I have come to think, however, that the path that leads many to the wine trade is equally to blame. With a few exceptions (usually involving a family tradition) most people seem to stumble into a job in wine by accident. They probably think they know what wine is, maybe they had a boyfriend who drank Shiraz at university, or an uncle who bored everyone at the Christmas table insisting on an, incorrect as it turns out, pronunciation of Châteauneuf-du-Pape. They probably start thinking it’s not that different from working in a store that sells greetings cards or scented candles. What they find instead is geekdom supreme, a kaleidoscope of characters, hierarchies, and structures that must seem overwhelming at first. In the backdrop there is the promise of luxury; there are few people keener to talk about their customers than wine trade newbies. The phrase “the type of customer we have” and its variants come up a lot, toy mirrors reflecting glory. And then there is booze. I can barely begin to fathom the excitement of a twenty-one year old who finds that there is an industry where drinking on the job is not only allowed, but is expected.
Fast-forward ten or 20 years later, and you can see why someone might wake up and smell the Cabernet – and be left none too happy. The hours spend memorising the crus of Burgundy not leading to professional dominance (or not even to a piece of a paper, because on that particular morning that particular Chardonnay tasted like Sauvignon Blanc). Wealth coming not to the aesthetes, but to those that buy cheap and sell expensive – and had the money to buy big in the first place. Tending to the whims of the rich and famous not meaning befriending the rich and famous. As for drinking on the job, just chuck it on to the pile of things that look great fun at 25, but exhausting at 45, if it hasn’t led to other, darker paths.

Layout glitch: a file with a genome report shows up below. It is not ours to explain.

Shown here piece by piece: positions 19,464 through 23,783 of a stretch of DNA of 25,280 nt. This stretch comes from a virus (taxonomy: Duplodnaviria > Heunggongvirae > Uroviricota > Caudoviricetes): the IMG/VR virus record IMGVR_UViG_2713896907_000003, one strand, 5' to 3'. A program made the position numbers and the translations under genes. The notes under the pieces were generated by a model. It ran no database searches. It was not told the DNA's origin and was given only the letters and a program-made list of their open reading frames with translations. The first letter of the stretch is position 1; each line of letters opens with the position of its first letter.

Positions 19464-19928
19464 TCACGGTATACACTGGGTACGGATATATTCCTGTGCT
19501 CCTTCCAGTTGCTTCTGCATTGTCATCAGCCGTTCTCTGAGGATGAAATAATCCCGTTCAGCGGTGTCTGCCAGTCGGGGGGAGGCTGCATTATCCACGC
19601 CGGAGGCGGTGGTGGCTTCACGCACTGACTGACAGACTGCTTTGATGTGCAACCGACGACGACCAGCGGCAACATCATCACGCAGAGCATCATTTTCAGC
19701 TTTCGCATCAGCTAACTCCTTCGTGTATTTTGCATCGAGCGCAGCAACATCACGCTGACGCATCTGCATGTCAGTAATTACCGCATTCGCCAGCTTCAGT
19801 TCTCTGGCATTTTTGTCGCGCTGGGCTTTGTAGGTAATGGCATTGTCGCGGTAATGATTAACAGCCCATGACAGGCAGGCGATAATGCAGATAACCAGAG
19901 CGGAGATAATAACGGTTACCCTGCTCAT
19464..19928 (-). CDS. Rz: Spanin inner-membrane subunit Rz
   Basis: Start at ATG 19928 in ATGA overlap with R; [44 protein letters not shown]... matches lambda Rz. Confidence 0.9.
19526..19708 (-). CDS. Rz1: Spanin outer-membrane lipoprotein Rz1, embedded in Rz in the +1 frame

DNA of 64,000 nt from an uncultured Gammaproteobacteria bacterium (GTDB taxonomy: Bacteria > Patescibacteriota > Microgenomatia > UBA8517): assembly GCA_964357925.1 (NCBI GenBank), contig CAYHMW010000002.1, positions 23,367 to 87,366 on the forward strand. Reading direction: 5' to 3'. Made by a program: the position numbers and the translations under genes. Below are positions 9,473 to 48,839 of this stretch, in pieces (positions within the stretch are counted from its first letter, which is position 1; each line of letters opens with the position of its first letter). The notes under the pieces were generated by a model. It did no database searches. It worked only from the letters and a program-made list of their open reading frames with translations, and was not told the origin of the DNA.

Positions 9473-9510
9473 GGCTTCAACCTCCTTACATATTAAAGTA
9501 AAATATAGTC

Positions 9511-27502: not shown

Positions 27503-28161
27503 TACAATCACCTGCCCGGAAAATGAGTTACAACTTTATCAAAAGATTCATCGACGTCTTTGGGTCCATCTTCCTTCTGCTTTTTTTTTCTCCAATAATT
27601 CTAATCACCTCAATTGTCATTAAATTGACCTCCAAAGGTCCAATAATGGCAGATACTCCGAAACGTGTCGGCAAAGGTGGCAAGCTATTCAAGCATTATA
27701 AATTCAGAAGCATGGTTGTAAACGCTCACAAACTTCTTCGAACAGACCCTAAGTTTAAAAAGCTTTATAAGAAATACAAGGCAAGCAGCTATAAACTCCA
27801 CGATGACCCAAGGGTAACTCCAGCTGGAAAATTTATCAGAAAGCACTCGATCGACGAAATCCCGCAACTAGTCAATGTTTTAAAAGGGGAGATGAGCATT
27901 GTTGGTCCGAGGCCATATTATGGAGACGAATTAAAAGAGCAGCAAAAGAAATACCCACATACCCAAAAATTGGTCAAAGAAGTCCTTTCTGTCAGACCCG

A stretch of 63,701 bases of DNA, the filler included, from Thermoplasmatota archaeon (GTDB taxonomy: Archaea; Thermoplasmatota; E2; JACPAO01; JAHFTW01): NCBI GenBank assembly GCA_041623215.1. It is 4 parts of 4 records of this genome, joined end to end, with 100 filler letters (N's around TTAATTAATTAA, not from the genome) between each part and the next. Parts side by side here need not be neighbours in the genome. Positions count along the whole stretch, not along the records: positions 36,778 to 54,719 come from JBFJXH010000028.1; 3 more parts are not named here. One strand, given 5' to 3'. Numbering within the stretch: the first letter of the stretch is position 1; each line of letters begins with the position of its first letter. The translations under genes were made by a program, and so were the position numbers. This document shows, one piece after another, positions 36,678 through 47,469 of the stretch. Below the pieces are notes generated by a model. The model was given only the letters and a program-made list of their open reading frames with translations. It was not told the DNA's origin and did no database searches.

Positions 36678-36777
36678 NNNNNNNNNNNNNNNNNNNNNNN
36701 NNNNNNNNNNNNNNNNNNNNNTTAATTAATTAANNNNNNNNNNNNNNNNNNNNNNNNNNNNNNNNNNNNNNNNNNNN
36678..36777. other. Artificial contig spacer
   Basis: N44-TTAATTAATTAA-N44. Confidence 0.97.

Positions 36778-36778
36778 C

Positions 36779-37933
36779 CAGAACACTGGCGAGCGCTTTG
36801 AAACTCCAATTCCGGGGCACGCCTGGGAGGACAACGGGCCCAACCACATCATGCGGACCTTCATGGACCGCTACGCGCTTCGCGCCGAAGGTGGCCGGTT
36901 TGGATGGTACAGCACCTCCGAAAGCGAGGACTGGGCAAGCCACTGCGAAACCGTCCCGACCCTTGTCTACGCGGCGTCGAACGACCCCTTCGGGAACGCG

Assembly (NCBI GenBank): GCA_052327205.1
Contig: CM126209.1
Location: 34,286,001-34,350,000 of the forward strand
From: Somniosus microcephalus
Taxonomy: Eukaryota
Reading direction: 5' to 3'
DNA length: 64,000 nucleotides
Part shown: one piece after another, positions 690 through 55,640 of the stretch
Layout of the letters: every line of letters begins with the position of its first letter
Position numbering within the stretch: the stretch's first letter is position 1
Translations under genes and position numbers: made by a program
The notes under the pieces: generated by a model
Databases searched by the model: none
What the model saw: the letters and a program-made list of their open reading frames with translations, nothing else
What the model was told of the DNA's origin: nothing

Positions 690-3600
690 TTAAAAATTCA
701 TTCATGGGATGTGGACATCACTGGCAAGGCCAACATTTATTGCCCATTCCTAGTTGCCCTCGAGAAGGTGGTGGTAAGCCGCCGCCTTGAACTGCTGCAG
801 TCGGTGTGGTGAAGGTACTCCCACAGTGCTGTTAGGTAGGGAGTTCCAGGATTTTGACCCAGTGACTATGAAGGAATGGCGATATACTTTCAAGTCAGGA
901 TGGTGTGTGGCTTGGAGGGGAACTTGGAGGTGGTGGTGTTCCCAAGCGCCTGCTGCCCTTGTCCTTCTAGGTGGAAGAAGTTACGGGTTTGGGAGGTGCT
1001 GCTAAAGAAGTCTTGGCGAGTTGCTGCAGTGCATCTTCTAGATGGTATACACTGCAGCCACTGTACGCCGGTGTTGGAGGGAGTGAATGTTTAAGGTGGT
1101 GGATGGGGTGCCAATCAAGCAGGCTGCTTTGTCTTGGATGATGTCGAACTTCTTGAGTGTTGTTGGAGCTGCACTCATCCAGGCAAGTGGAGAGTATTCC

“Oh, Pharos”, I can hear you groan, “sitting there, sniping from the side-lines. The entitlement. The sheer smugness.” If so, you will find in me someone fully sympathetic. Besides everything else, the wine trade has to suffer all the hangers-on, the part-timers and second-chancers. Petrolheads rarely retrain as automotive engineers. Dentists don’t have to compete with orthodontia enthusiasts, who did the odd extraction and found out they rather liked it (“Oh, you know how it is, you start doing a bit on horses on the weekends.”) But sometimes it feels like every third person in wine arrived there by taking the Midlife Crisis exit on the M1. And let me tell you, this auxiliary corps often ends up even more disappointed.